NEWS BRIEF Sepp Blatter, the disgraced former FIFA chief, and two of his top deputies, are being investigated by soccer’s governing body, months after they were suspended after it was revealed the men had gifted themselves millions of dollars in secret bonuses and salary increases.
Djimbaraye Bourngar, the deputy chairman of the ethics committee’s investigatory chamber, opened an investigation Friday into Blatter, FIFA’s former president, Jérôme Valcke, the organization’s former secretary general, and Markus Kattner, former chief financial officer and deputy secretary general. All three men will be investigated for five alleged violations of FIFA’s Code of Ethics (FCE), including general rules of conduct, loyalty, conflicts of interest, offering and accepting gifts and other benefits, and bribery and corruption.
Kattner will also face an investigation into a possible violation of article 16 of FCE, which deals with confidentiality.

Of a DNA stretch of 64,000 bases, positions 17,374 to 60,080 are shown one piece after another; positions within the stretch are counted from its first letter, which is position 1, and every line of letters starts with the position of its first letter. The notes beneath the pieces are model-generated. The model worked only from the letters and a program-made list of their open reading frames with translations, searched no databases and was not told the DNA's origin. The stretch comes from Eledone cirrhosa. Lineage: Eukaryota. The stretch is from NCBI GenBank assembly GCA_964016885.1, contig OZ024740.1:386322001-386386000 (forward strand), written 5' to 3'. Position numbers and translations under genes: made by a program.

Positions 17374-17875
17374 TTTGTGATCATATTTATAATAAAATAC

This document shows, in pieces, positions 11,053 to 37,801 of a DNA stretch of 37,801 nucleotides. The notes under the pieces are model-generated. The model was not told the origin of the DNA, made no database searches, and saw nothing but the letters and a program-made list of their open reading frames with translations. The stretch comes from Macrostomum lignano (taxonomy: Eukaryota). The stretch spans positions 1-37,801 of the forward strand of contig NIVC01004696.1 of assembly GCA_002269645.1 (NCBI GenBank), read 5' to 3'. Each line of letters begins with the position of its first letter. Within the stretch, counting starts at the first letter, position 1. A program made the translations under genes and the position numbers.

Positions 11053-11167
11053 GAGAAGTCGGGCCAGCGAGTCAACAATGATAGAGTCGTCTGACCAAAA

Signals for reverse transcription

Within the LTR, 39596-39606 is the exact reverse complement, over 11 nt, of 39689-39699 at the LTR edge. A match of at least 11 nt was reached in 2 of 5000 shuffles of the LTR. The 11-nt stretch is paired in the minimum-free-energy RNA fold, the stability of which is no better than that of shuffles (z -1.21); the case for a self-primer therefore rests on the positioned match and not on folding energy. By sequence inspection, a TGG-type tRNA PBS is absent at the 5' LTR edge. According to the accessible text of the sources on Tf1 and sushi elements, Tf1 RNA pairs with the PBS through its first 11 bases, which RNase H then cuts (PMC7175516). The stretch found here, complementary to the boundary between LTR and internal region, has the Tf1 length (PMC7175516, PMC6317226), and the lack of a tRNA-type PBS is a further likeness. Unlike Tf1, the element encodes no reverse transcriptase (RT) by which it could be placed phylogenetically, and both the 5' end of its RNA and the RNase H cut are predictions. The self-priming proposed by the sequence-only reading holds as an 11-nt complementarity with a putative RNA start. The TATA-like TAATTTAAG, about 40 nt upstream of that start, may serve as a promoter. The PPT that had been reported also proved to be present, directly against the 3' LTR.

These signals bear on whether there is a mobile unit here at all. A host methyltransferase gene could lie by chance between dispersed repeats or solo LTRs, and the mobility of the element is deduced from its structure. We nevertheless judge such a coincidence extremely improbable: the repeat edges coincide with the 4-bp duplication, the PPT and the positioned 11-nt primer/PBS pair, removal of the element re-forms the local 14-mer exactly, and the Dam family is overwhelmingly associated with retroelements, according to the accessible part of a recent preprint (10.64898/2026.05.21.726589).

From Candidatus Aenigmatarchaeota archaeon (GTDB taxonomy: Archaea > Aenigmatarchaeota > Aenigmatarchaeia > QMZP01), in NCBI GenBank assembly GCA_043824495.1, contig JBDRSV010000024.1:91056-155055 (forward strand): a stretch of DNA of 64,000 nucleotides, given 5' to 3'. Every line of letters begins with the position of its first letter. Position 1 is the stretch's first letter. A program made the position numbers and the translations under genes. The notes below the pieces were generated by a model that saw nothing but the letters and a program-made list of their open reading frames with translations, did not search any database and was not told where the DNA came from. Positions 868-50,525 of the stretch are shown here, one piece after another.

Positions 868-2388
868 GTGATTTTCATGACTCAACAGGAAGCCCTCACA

As my colleague J. Weston Phippen previously reported, a Swiss police raid of FIFA’s Zurich offices in June uncovered evidence revealing the three men had secretly approved bonuses for each other between 2011 and 2015 totaling nearly $80 million. The discovery resulted in the firing of Kattner, and the suspension of Blatter and Valcke for six and 10 years, respectively. Both suspensions came with a ban from all football-related activities for the duration of the suspension.
The ethics committee also handed a life ban from all football-related activities and a $1 million fine to Jeffrey Webb, FIFA’s former vice president. The ban, which takes effect immediately, follows Webb’s guilty plea in November in which he admitted to racketeering conspiracy, wire fraud, and money laundering.
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